|Enlargement of the part of the kidney that collects urine
(the renal pelvis) from 4 to 10 millimeters in diameter
is called fetal pyelectasis or “renal pelvic dilatation”.
Dilation of the renal pelvis to greater than 10 mm is called severe
pyelectasis or hydronephrosis. The illustration at right shows a normal
kidney compared to a kidney with pyelectasis.
Pyelectasis is detected
in 1 per 100 babies before birth, and is seen more commonly in male
fetuses. About 1 in 500 cases develops significant disease. Most mild cases resolve before
birth or within a few months after delivery. .
A fetus with severe pyelectasis or
hydronephrosis is at increased risk of
developing problems such as low amniotic fluid and kidney disease. In addition
pyelectasis has a weak association with chromosome abnormalities, in
particular Down syndrome. The severity of isolated pyelectasis does
not appear to increase the risk for chromosome
What Causes It?
The most common causes of severe pyelectasis or hydronephrosis are a blockage of the ureter (the tube that carries urine from the kidney to
the bladder) where it joins the kidney and backward
flow of urine from the bladder (vesicoureteric reflux).
Less common causes of hydronephrosis include posterior urethral valves, urethral
atresia, ectopic ureteroceles, duplication of the collecting system,
megacystis-microcolon-intestinal-hypoperistalsis syndrome, prune belly syndrome,
and cloacal malformation.
Does Pyelectasis Need Treatment?
Pylectasis involving only one kidney does not need intervention, but requires
followed up ultrasound evaluation after 28 weeks for possible worsening of the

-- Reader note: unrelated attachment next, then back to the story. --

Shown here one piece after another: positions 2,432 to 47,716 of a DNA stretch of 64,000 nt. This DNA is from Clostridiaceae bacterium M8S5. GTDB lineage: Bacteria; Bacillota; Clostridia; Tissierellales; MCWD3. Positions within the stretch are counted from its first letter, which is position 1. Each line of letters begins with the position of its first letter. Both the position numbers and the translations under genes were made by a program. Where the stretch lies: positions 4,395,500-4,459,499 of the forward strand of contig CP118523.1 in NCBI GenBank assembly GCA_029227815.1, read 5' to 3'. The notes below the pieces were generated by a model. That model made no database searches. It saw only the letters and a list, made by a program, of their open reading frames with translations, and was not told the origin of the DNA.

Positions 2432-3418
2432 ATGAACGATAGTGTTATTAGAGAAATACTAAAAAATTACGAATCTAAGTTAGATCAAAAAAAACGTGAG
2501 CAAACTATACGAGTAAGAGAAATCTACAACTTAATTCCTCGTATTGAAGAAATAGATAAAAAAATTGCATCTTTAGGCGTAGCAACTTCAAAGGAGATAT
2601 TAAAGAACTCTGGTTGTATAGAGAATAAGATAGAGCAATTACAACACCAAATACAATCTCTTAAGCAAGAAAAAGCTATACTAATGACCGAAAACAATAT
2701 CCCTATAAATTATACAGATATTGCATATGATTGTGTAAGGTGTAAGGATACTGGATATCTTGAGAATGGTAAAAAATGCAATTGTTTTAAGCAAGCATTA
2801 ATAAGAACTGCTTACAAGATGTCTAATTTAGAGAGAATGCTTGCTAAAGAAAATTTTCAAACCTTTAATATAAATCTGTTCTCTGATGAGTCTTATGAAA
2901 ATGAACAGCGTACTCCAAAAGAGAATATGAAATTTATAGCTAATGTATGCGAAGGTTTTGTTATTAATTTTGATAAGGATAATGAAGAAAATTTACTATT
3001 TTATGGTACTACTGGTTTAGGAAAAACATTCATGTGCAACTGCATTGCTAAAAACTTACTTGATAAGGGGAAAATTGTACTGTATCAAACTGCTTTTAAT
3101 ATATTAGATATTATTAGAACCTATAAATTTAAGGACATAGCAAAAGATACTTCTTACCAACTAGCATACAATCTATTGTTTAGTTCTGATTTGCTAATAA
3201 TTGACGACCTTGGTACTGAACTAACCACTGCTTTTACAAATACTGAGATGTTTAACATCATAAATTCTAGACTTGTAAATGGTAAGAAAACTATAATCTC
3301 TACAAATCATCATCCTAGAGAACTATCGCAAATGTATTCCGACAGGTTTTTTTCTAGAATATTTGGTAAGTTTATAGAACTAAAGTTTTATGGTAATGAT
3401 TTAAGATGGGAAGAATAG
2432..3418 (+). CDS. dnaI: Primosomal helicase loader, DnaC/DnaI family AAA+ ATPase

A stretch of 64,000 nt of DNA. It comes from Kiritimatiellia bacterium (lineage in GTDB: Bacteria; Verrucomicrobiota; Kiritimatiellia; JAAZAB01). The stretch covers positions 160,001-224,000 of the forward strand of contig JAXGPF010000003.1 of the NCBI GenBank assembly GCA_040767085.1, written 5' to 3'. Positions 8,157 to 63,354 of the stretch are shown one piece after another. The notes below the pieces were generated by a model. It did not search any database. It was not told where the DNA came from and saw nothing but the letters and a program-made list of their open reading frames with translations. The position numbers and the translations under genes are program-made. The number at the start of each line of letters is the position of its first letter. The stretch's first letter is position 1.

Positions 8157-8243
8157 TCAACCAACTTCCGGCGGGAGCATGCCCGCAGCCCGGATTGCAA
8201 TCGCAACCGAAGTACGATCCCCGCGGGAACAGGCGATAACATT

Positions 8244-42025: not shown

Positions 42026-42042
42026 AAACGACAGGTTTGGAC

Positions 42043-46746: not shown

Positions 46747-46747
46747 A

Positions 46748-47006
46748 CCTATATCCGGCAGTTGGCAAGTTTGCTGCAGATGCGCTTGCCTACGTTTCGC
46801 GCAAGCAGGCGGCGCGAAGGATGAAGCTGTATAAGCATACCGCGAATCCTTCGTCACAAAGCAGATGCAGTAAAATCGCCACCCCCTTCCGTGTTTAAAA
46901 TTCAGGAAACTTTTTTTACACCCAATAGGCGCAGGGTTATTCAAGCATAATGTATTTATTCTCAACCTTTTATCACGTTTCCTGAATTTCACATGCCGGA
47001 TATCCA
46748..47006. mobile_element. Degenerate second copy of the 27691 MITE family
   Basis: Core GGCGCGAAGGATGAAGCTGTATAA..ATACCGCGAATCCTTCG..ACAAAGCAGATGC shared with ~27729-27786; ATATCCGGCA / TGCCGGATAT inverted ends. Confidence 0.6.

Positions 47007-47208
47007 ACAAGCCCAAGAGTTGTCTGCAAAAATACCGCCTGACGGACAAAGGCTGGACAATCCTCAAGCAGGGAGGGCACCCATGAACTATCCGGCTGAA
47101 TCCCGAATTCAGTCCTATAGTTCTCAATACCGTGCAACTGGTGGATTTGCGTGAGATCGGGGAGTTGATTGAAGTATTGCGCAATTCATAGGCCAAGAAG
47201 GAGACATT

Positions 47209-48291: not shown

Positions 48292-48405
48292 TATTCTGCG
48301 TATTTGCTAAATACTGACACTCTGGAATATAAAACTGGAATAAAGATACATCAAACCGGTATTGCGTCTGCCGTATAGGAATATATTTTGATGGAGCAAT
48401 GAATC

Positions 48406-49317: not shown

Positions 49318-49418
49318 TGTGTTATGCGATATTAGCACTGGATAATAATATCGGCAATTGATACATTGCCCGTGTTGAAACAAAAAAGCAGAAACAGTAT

Severe hydronephrosis involving both kidneys is associated with increased risk
of poor outcome, and is monitored for the development of low amniotic fluid.
An ultrasound is usually done 5 to 7 days after
birth to reevaluate the infant’s kidneys. Most cases of mild pyelectasis where
the renal pelvis measures less than 8 mm and involves only one kidney tend to
resolve spontaneously either in utero or within a few months after delivery.
Pyelectasis greater than 8 mm is more likely to need surgical correction during
What are the Chances of Having Pyelectasis Again
in a Future Pregnancy?
In a study of 64 women with the finding of pyelectasis in their fetuses, 43 (67%) had a recurrence
of this finding in their next pregnancy.
What is the Risk of Down Syndrome in a Fetus with Pyelectasis?
Presently genetic testing of the fetus (amniocentesis) is offered if the risk of
Down syndrome in the fetus is ~ 1 in 200 or greater. For a 34 year old woman the
isolated finding of pyelectasis at midtrimester increases the risk of Down
syndrome from 1 in 365 to 1 in 192.
For a woman 34 years of age or less with a normal triple marker screen for Down
syndrome the risk benefit ratio does not favor amniocentesis when the only
ultrasound finding is pyelectasis.